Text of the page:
A week ago, glassBYTEs.com spoke to several auto glass technicians about the prevalence of vehicle identification numbers and parts numbers not matching up in National Auto Glass Specifications (NAGS), a database created and maintained by Mitchell.
This week, we have Mitchell’s perspective. “NAGS is not intended to be a parts look-up, rather it is a market benchmark database,” says Jack Rozint, senior vice president of Mitchell. Through research in the market, Mitchell gathered benchmark data that appears in NAGS. For a given part number, NAGS will provide the benchmark data for that part. “That pricing mechanism is used by a variety of people in the industry,” Rozint says.
Twenty to thirty years ago, only one or two windshield options were available for each vehicle, Rozint says, but now multiple options are available. More glass is included in vehicle design today, more Advanced Driver Assistance System options are available and more vehicle options are available.
Mitchell has transitioned from its old Glassmate software and eGlassClaims software to the Mitchell Cloud. The older software could “decode” a VIN number to decipher the make and model. With Mitchell Cloud Glass, a VIN can be entered and the system will retrieve for the most commonly accessed parts the NAGS number which is associated with an OEM part number. It is not necessarily the part that matches the VIN. “[NAGS] was never intended to be a mechanism for getting [parts numbers],” Rozint says. Mitchell Cloud provides the make, model and likely part number, as well as OEM repair procedures.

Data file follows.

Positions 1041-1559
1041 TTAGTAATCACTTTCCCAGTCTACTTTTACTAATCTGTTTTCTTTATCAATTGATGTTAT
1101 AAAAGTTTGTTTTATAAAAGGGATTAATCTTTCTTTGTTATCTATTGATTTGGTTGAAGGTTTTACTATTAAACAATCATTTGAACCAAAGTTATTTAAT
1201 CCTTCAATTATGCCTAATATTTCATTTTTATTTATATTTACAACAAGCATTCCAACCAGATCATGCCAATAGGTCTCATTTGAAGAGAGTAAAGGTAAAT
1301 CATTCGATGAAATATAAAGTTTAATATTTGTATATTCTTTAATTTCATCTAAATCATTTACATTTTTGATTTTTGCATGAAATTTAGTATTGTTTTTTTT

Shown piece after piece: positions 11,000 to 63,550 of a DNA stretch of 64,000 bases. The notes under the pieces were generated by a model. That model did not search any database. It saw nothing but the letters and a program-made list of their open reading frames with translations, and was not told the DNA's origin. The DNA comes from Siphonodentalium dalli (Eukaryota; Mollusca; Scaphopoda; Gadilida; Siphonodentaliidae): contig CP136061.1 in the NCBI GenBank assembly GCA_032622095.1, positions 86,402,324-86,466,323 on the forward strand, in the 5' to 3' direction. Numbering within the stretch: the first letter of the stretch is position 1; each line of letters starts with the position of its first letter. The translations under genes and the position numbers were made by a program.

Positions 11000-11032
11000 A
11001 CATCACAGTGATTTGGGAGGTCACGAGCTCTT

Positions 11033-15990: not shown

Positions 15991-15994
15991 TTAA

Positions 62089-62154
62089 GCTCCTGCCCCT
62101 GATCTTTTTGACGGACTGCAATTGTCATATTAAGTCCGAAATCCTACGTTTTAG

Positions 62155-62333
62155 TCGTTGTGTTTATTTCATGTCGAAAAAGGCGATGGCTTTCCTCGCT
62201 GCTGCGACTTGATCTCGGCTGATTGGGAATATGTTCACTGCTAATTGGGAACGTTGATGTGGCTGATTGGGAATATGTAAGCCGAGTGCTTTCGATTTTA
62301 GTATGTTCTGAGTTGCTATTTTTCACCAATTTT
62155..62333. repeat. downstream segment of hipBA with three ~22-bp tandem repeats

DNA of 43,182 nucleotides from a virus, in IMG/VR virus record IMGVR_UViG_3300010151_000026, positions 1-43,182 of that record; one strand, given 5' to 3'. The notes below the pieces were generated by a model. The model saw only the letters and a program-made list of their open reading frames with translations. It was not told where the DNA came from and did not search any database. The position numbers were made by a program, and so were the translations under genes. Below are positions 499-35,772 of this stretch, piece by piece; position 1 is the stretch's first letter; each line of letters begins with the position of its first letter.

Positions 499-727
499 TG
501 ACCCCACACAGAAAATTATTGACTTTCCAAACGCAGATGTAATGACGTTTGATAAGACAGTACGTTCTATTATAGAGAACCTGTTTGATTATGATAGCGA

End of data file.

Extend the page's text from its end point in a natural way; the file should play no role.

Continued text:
The only way to use a 17-digit VIN and get 100% information for that vehicle, according to Rozint, is to obtain the build sheet for that vehicle, which is available through the dealership. The build sheet lists each option and item on that particular vehicle. “In order to go from a VIN to parts, you must have the manufacturer’s build sheet data which is not readily available in the aftermarket for some OEMs,” Rozint says.
The build sheet will also have the vehicle’s ADAS information, and, therefore, the vehicle’s correct windshield part information.
Rozint thinks technicians confused NAGS’ purpose with Mitchell’s Cloud Glass point-of-sale solution, the latter also provides parts numbers. “In Mitchell Cloud Glass, we provide the most common [parts] numbers that are associated with that model,” Rozint says. “However, as it says in the app, this information is for reference only and is not intended to guarantee a correct part number for the VIN being repaired. Also important to note is that for other management systems that license NAGS data, Mitchell provides no VIN decode or VIN-to-part data mapping, so any VIN decoding or part information in those applications is the responsibility of the developer.”
Rozint says he does not know of any auto glass information provider that has all vehicle build sheets. Some manufacturers make build sheet information available to databases and NAGS, and others do not.